What happened

Shares of Costco Wholesale (COST -0.15%) were falling today in response to a weak retail sales report this morning and as the broad market reacted to the Federal Reserve interest rate hike yesterday, as well as rate hikes from the Bank of England and the European Central Bank this morning.

Though there was no company-specific news on Costco today, the larger news items add to fears about a global recession next year as central banks continue to raise rates to reel in inflation and slow down economic growth.

As of 12:42 p.m. ET, Costco stock was down 3.7% on the news, while the S&P 500 had lost 2.5%.

So what

Of all of those news items, the slowing retail sales report may be the most troubling for Costco. Though the company reports monthly sales and has already given investors an update for November, the numbers out of the Census Bureau show that consumer spending could be slowing faster than expected.

Overall retail sales fell 0.6% from October to November, worse than analyst projections of a 0.1% decline. Electronics, appliances, and home furnishings were particularly weak, and sales at general merchandise stores were down 0.1% in the month.

Grocery sales remained strong, up 0.8%, a good sign for Costco, as it makes most of its revenue from groceries, but discretionary items like electronics and apparel tend to offer higher margins.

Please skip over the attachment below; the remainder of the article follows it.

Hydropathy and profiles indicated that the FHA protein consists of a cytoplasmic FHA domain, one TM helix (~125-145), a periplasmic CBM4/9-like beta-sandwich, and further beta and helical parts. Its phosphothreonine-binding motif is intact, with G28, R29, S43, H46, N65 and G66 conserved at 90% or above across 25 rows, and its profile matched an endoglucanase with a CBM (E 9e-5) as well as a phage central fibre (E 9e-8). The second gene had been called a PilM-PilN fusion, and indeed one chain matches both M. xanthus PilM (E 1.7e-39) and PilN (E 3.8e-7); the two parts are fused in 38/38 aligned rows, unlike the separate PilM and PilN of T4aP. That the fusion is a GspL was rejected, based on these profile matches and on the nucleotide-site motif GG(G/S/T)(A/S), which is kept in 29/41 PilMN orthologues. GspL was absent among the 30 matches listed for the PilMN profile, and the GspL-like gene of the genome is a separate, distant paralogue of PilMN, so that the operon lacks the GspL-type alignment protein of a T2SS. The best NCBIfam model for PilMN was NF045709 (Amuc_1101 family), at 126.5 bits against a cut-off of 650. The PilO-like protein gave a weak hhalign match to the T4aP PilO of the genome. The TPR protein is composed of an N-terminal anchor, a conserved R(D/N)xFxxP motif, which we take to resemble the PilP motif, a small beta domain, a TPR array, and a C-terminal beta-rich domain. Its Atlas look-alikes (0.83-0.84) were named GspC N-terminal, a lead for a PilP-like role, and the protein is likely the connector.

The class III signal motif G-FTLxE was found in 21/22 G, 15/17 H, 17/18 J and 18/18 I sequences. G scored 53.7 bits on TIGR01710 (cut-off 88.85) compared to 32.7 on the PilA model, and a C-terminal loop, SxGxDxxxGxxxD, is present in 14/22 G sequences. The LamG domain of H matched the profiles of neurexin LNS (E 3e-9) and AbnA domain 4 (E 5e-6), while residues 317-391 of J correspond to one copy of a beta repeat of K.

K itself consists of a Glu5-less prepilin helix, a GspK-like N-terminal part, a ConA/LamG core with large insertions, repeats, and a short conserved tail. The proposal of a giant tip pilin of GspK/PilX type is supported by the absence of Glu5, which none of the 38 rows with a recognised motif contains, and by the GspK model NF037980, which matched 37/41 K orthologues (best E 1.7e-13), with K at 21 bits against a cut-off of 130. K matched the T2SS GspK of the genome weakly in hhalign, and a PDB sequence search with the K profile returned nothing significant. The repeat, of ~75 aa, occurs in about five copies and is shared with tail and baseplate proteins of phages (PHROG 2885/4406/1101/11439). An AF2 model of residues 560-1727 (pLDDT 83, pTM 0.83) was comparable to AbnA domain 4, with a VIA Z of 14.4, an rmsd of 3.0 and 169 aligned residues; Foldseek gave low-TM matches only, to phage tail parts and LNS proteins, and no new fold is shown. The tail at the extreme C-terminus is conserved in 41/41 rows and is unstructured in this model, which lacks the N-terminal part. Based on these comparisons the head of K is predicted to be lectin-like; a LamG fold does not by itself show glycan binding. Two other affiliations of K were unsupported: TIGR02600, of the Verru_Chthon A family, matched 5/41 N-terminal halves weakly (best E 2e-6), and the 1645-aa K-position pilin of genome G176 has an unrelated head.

The pullback in national retail sales also comes after October retail sales jumped 1.3%, showing consumers may have taken advantage of earlier sales to clear inventory.

Costco's stock fell earlier this month when it reported its own disappointing results for November, saying that comparable sales adjusted for fuel and currency exchange rose 5.3%, slower than in previous months. That, combined with the November retail sales report, seems to indicate a slowdown in consumer spending.

Now what

Costco is generally regarded as a recession-proof stock, as most of its profits come from membership income and members are incentivized by its bargain prices. 

However, the stock is richly priced these days at a price-to-earnings ratio of 35, and investors seem to fear that comparable sales growth will continue to slow based on the interest rate hikes and other macro headwinds in the economy.